Words by Martin Holman
Abigail Reynolds celebrates the lost and living worlds of libraries.
Abigail Reynolds has given Cornwall a new way to look at itself. Her stained-glass window at Kresen Kernow, the county’s archive centre at Redruth since 2016, combines an extraordinary view over the historic collection’s town and surroundings with her own fascination with time, place and books.
Incongruous at first, the window in its boldly rectangular copper frame projects a little way from the first-floor frontage of the rustic former brewhouse. Rising an imposing four metres high, it resembles a gigantic futuristic docking port. In fact, Reynolds conceived her window, inaugurated this March, in a similar spirit, setting in motion stimulating exchanges between inside and outside spaces, between present times and the past.
For St Just-based Reynolds, libraries are where “knowledge is brought together and held for the future”. The archive centre conserves thousands of documents recording the voices and actions of Cornish people. The imagery in the window celebrates the homecoming of one special example, the Ordinalia. Comprising three 14th century mystery plays written primarily in Middle Cornish, this early manuscript version has returned to Cornwall for temporary display and study. Titled ‘Tre’, the Cornish word for ‘homestead’, Reynolds’ window returns the plays to their physical origins in the land.
Mystery plays once planted Biblical stories into illiterate local communities through theatre. The window contains two figures who meet across the centuries within the window, as if beamed in from other temporal dimensions to assume new roles today. One is borrowed from medieval book woodcut illustration, dressed in the copious garments of the time. The other is noticeably modern: Reynolds discovered this image in a photograph, also printed in a book in 1971 about the revival of festivals, a medieval form of gathering. This figure looks out from the glass – towards the exterior view and inwards to address visitors.
The window acts out the story of Seth, told in the Ordinalia. An angel gave him three seeds from the Tree of Life in Paradise to save Seth’s father, Adam who, with Eve, had been expelled from Eden. Adam dies before Seth returns so the seeds are planted and, legend claims, eventually spawned the wooden cross on which Jesus died to redeem mankind.
The Tree of Life is visualised in several panels with printed patterns of foliage, like an ancient screen through which the present-day Cornish landscape is tinted magenta or green, or starkly clear through plain glass. Moreover, the window has a special feature: set into the angled planes are small, coloured roundels made with sand and seaweed collected from beaches near Reynolds’ home. Following an age-old recipe of scouring, grinding and burning the ingredients into bubbles of glass, she created a lens-like opening to view the county through material made from its own natural resources.
The composition of ‘Tre’ unlocks the imagination with numerous stories and associations. The angular shapes of the window panes flutter across the background scenery like pages turning in an open book. Then Reynolds offers a visual play on words: ‘window’ has acquired new meanings in the digital age where glass screens become everyday portals into learning and global realities, words and moving pictures.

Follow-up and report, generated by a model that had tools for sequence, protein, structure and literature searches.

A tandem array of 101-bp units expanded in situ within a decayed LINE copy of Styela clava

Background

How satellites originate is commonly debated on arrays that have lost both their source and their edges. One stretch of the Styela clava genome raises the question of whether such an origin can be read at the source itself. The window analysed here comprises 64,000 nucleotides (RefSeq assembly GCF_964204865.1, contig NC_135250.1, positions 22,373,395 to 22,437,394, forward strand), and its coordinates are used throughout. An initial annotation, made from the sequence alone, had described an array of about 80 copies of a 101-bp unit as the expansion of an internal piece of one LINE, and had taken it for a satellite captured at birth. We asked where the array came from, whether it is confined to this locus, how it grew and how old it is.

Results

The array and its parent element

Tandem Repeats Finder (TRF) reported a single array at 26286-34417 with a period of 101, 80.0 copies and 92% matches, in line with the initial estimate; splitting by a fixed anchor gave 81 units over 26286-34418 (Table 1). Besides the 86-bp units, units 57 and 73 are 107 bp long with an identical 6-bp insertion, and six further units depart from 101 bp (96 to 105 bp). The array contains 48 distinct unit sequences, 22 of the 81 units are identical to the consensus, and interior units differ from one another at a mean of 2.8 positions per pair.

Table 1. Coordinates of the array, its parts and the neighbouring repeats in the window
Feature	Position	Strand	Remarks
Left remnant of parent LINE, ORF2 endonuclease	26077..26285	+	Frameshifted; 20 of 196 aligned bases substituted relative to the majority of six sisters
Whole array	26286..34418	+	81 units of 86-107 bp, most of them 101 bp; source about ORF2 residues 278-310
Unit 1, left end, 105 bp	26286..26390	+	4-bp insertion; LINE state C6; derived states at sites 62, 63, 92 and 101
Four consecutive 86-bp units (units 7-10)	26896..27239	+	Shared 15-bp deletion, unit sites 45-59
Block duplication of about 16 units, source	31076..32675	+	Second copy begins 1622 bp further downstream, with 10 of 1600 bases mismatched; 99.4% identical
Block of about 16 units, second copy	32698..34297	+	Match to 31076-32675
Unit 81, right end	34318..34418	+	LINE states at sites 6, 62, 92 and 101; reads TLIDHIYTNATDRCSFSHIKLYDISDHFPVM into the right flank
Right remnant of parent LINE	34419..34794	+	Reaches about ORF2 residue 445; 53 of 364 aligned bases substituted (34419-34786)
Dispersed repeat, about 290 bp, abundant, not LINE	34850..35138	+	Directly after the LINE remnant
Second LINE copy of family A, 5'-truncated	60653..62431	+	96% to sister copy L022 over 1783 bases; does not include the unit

Reynolds is acutely aware that the survival of libraries is not guaranteed. To explore their perilous existence, she set off on a trip dedicated to uncovering some of the great libraries lost to history. Her destination was the legendary Silk Road, the ancient network of international merchant routes stretching between China, the Middle East and Europe where knowledge was also traded. And she travelled that road by motorbike.
The opportunity came about by winning the BMW art prize in 2016, unanimously chosen from other entries for proposing an itinerary of 15 locations connected by the historic highway. They included Yinchuan, Xi’an and Dunhuang in China, Kokand in Uzbekistan, Tehran in Iran, Ephesus in Turkey, Cairo in Egypt and Rome and Naples in Italy. All had in common the precious distinction of once hosting fabulous libraries. All have disappeared, the casualties of war, migration and looting as well as of nature: earthquakes and fire have taken their toll.
Recent events added urgency to her plan. As Reynolds told Forbes magazine at the time: “We are losing our libraries in the UK because of funding cuts when they are so important to small and large communities. In the Middle East, libraries are being destroyed by Islamic State.” Unsurprisingly, the journey was intensely moving as well as creative because not all the libraries disappeared centuries ago. At Baisigou in north-west China, the twin conical pagodas built in 1075 once housed a library valued for its early printed books. Partially destroyed by Genghis Khan in 1227, there was barely a trace of it after Mao’s Cultural Revolution 50 years ago.
In Cairo, the historic Jewish storeroom of medieval manuscripts was cleared out in the 19th century by visiting academics from Cambridge. Given permission from the Jewish community to take what they liked, the scholars made off with 193,000 priceless manuscripts and books, explaining later that they ‘liked it all’. And in Tehran, treasured books have been hidden from the authorities since the Islamic revolution in 1979 banned numerous topics, including literary masterpieces and international bestsellers freely available in Britain.
Reynolds travelled for five months and recorded her finds in several forms – the written word, photographs and, for the first time in her career, in 16mm film, using a lightweight, wind-up Bolex camera, famous among avant-garde film-makers for its precision and simple operation. Finally, her illustrated travelogue received high praise when, naturally enough, it was published as a book, Lost Libraries: The Ruins of Time, in 2017.